The way of life.

If you choose you can keep the commandments, they will save you; if you trust in God, you too shall live; he has set before you fire and water to whichever you choose, stretch forth your hand.

Thank you for joining as we testify, proclaim, and evangelize the great and Holy Name of Jesus.

Today we enter the Pre-Lenten season. I say that every year, and perhaps this year I have come to understand it even better because I better understand the nature of choices. We do that as we get older because, as some would say, we have wisdom. Others would say that we now see the long-term consequences of our decisions. Did that decision lead to good, or did it create a disaster.

Ben Sira of Jerusalem, or in short Sirach, shares various versus of wisdom with us, things learned from the Spirit of God for right living. Today, he presents us with some real age-old wisdom we totally connect with: There is a hot stove, don’t touch it. As I just mentioned, wisdom comes from experience with choices made. I wonder how many times Ben Sira touched the hot stove after his mom told him not to. Ben Sira knew, as wisdom, the fact that touching a hot stove leads to disaster while listening leads to good.

That is the way of God. We have a way of life before us. Will we reach out to His life or chose death?

St. Paul tells the Corinthians the practical truth: What eye has not seen, and ear has not heard, and what has not entered the human heart, what God has prepared for those who love him, this God has revealed to us through the Spirit.

Paul is speaking from experience, i.e., the wisdom he had acquired from Jesus on the road to Damascus. Meeting Jesus caused him to pull his hand away from the stove and to choose life. He said to himself, Wow, I was about to be burned bad, I could not see it, I could not hear it, my heart was closed to it, but now I know what God has in store for me if I chose His way of life.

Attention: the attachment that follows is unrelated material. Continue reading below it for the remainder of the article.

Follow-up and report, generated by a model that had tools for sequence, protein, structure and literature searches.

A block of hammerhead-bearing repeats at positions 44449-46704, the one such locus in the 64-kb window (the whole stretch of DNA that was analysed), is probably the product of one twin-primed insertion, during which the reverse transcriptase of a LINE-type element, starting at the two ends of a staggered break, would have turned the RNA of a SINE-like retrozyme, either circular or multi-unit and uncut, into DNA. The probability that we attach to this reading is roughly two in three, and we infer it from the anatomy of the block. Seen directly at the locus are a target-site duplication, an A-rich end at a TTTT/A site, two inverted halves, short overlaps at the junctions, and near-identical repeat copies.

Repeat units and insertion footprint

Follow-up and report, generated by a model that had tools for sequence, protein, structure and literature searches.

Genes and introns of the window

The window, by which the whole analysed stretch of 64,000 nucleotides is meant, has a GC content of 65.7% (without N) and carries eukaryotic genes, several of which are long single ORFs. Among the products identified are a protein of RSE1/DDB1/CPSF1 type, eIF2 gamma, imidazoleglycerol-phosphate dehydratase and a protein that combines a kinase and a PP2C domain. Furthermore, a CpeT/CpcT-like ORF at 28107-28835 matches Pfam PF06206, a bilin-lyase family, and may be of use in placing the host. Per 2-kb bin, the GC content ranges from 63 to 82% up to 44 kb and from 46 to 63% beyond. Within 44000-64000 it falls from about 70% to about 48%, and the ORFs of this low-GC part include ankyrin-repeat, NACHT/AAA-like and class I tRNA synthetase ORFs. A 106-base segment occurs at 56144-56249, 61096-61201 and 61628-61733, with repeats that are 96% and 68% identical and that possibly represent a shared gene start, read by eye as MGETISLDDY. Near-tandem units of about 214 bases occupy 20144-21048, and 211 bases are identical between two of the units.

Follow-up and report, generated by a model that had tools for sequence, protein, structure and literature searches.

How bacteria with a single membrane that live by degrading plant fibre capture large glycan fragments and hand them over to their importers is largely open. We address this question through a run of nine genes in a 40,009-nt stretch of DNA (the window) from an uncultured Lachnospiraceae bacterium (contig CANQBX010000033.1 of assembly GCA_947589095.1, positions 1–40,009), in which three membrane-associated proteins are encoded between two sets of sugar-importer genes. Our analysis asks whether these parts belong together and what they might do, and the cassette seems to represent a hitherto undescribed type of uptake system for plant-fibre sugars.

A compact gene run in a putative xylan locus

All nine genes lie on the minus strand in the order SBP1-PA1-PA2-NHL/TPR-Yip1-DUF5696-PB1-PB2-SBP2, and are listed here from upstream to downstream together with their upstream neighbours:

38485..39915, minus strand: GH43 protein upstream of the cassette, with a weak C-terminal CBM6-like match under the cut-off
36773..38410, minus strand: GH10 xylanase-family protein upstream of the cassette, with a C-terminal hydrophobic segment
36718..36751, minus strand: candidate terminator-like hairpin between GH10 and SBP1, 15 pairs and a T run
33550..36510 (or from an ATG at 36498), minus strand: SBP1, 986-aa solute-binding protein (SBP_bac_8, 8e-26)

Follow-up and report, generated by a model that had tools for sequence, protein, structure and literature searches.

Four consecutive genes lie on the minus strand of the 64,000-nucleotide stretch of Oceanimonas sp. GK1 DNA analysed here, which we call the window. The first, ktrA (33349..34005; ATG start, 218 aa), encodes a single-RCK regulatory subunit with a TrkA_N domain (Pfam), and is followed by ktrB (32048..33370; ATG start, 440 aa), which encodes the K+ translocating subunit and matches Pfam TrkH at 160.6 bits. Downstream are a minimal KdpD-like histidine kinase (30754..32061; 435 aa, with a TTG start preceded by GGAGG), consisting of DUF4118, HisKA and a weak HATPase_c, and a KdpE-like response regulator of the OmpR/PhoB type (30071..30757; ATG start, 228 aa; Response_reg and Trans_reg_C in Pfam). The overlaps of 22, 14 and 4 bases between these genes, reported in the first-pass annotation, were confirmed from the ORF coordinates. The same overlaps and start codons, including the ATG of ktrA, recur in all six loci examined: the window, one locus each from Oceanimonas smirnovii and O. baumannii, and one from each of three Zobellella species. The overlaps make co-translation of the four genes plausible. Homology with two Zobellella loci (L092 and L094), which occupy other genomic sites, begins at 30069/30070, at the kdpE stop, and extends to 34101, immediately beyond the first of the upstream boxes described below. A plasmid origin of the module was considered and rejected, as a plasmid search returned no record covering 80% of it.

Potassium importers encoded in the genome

It is of note that the Corinthians were new Christians, for not more than three years. They were falling back into their former way of life in so many ways. They were running headlong to each and every hot stove they could find. Paul is reminding them of that choice, the fact that they will be burned, and in being burned will reject all God has in store for them.

Jesus’ commandments to us, His way of life built upon His Father’s Commandments, may seem anachronistic to us. Divorce is common. Treating people as sexualized objects, without humanity, is not just a way to sell music and products, but a commonplace way of life. Disrespect for others, calling them empty (raqa) or impious (foolish), basically non-human, most especially online, is easy. The stoves seem to be so much fun. Jesus’ way of life so difficult. But whoever obeys and teaches these commandments will be called greatest in the kingdom of heaven.

Let us then take this Pre-Lenten opportunity to identify the stoves in our lives, those areas of disaster we reach out to. Let us recall what will happen if we do not stop, and focus our Lent on eliminating them, choosing life with God.